Innovation That Matters

Drozdov & Partners are re-purposing large public buildings like sports halls for refugees | Photo source Drozdov & Partners

Community buildings repurposed as multi-use shelters for war refugees

Property & Construction

Separate bays and communal kitchens provide privacy and respite for individuals and families

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Spotted: With so much destruction already blighting the country, Ukrainian architecture company Drozdov & Partners focuses on using recycled, recyclable, and modular designs for temporary shelters for internally displaced persons. As well as providing private spaces for each individual or family, the shelters include easy-to-assemble and mobile kitchens. Being able to cook as a family brings a semblance of routine to the painful challenge of living as a refugee.

Working with partners Replus Bureau and Ponomarenko Bureau, the company repurposes schools, gymnasiums, and other large community buildings for the shelters. Already equipped with sinks and toilets, and sometimes showers, the open spaces within the structures are divided into small cubicles, giving each individual and group some privacy.

Designed for ease of assembly and use, the shelters use cardboard piping to form each room, while metal shelving, cabinets, and countertops are used in the kitchens. The modular metal pieces make it easy to transport the kitchens to various locations and are sturdy enough for long-term use, ideally by other organisations after the shelter is no longer needed. To date, the company has set up fifteen shelters and is seeking funds to build more elsewhere in the country.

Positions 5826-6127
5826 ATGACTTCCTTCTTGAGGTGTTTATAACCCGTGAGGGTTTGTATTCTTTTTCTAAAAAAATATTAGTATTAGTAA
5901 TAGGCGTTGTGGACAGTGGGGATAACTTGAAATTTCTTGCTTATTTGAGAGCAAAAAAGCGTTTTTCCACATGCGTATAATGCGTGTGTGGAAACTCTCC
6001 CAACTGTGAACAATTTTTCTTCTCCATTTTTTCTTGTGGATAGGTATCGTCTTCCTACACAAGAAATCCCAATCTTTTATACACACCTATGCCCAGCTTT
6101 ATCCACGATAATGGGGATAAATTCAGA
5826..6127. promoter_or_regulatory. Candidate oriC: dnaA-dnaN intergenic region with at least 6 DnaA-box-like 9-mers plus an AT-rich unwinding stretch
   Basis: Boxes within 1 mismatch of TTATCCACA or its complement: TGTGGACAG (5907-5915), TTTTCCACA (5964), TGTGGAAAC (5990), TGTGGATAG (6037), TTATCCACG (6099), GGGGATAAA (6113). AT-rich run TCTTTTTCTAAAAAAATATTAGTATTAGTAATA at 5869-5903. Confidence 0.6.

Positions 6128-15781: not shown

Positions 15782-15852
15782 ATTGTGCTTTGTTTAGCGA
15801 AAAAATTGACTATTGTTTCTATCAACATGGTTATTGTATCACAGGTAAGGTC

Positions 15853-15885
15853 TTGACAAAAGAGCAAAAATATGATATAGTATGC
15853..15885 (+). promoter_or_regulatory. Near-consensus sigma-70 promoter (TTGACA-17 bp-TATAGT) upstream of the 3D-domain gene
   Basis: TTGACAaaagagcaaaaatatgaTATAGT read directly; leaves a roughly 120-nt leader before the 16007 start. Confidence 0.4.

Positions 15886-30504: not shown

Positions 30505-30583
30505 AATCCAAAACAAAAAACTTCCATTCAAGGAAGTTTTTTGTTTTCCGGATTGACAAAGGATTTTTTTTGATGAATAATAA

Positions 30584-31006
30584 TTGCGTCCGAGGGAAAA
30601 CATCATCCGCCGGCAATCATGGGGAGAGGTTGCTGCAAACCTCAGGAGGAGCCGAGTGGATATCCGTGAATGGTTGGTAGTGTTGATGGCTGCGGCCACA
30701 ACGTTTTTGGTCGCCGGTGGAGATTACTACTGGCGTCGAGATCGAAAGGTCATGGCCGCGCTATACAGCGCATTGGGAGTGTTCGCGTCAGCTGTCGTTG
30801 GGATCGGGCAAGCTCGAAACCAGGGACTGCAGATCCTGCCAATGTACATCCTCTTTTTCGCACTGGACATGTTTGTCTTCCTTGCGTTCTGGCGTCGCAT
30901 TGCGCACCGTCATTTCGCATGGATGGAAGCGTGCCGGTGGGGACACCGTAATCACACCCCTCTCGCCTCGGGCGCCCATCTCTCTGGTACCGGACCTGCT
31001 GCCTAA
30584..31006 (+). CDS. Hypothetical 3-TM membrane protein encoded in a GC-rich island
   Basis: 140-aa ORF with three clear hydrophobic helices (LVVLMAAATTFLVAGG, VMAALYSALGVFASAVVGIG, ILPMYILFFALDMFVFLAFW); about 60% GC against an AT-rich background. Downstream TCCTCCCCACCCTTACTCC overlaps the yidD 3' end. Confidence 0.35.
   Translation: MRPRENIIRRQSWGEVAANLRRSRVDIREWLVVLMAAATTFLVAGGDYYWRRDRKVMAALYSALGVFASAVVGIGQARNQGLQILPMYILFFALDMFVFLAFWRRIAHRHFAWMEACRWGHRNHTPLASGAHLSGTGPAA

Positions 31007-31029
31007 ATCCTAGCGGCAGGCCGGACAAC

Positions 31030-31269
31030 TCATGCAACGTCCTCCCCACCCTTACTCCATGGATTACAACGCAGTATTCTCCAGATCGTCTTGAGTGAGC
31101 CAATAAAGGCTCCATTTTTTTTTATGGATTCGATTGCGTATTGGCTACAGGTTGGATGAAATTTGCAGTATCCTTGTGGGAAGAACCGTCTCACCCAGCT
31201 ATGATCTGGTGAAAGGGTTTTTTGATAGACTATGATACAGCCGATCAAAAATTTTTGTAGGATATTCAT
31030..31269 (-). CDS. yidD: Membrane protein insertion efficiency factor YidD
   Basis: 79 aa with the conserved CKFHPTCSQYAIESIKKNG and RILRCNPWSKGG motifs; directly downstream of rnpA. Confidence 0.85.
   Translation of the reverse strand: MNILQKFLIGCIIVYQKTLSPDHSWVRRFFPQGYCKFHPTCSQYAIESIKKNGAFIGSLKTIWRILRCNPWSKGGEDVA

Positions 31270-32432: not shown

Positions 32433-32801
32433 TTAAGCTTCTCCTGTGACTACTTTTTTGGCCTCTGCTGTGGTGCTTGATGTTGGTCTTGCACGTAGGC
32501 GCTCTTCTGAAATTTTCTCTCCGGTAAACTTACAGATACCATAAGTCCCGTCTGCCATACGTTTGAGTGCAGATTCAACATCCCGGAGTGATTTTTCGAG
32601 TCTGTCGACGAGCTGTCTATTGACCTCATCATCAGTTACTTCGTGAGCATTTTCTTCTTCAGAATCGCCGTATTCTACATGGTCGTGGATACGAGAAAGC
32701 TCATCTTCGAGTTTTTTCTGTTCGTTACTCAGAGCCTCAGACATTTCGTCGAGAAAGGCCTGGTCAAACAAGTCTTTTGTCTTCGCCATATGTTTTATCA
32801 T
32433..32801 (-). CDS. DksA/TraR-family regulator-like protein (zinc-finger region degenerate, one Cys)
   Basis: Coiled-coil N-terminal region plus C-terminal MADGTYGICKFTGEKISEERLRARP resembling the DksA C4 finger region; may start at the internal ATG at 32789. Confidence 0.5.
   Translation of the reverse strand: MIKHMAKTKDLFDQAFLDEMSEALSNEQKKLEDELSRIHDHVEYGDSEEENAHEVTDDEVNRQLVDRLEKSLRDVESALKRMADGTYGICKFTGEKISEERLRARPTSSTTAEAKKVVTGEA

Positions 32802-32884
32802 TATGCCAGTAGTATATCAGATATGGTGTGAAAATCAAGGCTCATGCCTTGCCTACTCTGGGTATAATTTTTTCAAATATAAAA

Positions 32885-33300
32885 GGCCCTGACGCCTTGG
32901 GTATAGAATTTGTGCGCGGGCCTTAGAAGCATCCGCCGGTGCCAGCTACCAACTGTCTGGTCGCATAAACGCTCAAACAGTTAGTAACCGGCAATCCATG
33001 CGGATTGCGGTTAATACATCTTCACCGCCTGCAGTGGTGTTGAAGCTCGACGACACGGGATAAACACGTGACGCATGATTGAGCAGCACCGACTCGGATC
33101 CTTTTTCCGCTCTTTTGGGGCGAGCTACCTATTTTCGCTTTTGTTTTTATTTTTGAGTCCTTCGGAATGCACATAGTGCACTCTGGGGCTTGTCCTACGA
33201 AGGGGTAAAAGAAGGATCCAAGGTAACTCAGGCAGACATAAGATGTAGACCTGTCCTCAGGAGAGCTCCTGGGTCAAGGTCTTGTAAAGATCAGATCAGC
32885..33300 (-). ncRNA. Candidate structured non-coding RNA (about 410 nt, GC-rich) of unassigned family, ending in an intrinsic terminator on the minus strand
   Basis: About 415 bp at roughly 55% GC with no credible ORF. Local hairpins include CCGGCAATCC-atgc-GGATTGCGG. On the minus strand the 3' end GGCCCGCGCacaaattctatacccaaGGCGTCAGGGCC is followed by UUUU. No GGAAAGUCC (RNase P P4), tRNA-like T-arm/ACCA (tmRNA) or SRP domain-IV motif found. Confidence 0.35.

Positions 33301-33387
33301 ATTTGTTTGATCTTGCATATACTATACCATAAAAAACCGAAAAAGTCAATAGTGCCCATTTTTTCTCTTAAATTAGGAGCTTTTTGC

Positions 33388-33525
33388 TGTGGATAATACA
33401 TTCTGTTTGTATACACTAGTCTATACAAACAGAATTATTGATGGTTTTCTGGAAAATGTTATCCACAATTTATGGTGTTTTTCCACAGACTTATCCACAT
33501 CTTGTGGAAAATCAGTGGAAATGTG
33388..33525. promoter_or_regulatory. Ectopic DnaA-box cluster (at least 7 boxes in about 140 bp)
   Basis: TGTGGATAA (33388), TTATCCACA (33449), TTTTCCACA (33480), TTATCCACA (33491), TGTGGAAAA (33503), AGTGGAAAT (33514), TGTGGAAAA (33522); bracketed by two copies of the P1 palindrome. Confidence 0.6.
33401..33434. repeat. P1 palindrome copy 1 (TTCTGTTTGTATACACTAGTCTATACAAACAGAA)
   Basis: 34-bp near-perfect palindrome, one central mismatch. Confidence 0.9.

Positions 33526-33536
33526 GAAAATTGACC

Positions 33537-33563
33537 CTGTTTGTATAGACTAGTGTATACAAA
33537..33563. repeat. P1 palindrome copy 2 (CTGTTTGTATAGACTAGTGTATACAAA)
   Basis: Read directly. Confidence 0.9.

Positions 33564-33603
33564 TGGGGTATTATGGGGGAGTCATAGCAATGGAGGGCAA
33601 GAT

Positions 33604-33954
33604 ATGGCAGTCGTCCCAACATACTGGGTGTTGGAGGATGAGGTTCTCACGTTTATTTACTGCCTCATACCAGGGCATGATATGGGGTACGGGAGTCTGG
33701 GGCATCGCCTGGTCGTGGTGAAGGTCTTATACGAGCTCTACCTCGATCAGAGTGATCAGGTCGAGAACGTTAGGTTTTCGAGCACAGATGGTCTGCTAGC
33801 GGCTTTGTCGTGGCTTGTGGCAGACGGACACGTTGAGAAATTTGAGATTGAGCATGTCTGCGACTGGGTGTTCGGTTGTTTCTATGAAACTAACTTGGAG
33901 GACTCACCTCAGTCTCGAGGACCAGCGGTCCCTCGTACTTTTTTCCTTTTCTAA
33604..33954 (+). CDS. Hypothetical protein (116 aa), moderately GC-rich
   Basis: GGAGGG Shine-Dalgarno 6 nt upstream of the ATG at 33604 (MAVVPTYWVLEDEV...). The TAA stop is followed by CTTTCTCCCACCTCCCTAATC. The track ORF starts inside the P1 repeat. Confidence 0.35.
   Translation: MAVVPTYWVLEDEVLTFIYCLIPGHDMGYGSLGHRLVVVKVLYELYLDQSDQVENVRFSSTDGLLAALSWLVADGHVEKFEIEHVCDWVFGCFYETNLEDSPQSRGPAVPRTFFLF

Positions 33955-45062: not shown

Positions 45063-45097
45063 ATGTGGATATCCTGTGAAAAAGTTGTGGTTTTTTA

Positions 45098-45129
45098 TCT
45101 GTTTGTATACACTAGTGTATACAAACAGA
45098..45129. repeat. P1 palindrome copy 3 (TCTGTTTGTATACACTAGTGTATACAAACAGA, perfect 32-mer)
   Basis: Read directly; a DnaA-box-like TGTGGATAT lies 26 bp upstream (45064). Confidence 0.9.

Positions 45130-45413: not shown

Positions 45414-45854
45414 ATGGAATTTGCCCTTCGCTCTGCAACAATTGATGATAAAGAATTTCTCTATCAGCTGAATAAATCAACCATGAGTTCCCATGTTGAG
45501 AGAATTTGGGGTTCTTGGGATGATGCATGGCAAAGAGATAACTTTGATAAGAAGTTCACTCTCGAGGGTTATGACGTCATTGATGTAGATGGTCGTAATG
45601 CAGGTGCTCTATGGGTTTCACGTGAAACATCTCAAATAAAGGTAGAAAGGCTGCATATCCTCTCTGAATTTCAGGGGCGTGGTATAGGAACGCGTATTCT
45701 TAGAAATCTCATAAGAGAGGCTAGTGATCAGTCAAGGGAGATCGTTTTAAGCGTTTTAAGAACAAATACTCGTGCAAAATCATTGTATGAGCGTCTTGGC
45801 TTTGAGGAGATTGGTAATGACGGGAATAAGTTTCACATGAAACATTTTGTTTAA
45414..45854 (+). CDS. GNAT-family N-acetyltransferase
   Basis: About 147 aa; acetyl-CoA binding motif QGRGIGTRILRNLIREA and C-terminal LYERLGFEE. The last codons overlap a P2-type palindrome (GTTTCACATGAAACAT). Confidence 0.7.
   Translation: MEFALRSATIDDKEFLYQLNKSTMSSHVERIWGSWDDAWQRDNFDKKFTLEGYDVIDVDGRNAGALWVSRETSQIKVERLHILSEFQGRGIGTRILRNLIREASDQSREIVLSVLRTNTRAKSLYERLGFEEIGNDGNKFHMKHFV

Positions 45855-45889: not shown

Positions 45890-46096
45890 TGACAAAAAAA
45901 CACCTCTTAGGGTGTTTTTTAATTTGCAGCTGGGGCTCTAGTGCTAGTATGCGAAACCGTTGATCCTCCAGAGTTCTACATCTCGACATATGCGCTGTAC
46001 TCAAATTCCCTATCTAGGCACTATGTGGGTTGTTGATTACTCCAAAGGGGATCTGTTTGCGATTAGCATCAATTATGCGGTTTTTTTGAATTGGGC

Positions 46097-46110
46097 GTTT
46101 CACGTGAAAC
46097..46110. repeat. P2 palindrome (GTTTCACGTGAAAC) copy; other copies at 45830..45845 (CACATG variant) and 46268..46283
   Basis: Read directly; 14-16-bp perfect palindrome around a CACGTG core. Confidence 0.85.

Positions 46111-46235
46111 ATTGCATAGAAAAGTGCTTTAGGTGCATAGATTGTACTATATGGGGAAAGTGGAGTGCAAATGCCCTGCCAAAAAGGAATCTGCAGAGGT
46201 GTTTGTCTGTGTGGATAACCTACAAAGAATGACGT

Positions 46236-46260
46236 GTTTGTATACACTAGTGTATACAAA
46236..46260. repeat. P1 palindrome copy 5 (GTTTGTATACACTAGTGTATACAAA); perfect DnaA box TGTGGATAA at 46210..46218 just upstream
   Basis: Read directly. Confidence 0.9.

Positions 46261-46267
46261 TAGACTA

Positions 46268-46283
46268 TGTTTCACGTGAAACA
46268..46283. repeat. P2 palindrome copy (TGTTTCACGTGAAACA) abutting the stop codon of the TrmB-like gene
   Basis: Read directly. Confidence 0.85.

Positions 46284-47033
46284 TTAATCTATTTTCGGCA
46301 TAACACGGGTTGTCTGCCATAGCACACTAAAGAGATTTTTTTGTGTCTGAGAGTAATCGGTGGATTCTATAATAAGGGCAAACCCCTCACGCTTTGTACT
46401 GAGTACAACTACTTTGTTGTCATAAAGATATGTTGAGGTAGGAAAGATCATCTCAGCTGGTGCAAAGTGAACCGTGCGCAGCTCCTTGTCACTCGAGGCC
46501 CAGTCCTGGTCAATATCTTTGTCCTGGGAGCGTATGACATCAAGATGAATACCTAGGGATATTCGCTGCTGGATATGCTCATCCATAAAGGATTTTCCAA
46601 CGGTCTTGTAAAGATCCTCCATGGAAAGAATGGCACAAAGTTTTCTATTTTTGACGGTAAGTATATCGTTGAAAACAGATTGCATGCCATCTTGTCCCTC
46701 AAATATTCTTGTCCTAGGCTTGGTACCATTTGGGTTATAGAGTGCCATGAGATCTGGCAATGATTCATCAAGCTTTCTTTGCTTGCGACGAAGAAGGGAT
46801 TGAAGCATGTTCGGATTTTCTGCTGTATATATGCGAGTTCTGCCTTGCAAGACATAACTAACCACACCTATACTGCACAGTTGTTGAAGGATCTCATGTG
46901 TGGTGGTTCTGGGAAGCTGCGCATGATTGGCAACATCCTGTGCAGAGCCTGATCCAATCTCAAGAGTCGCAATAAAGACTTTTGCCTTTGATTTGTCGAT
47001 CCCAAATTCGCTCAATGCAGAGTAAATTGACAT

As well as Ukrainians, citizens from several African and South Asian countries have been displaced this year by either conflict or severe weather, making innovations centred around displaced persons ever more important, as a diversity of experiences requires varying levels of support. Recent examples include a language learning platform that connects refugees with prospective digital employers, and cooking classes that connect asylum seekers and refugees with their host communities.  

Written by: Keely Khoury



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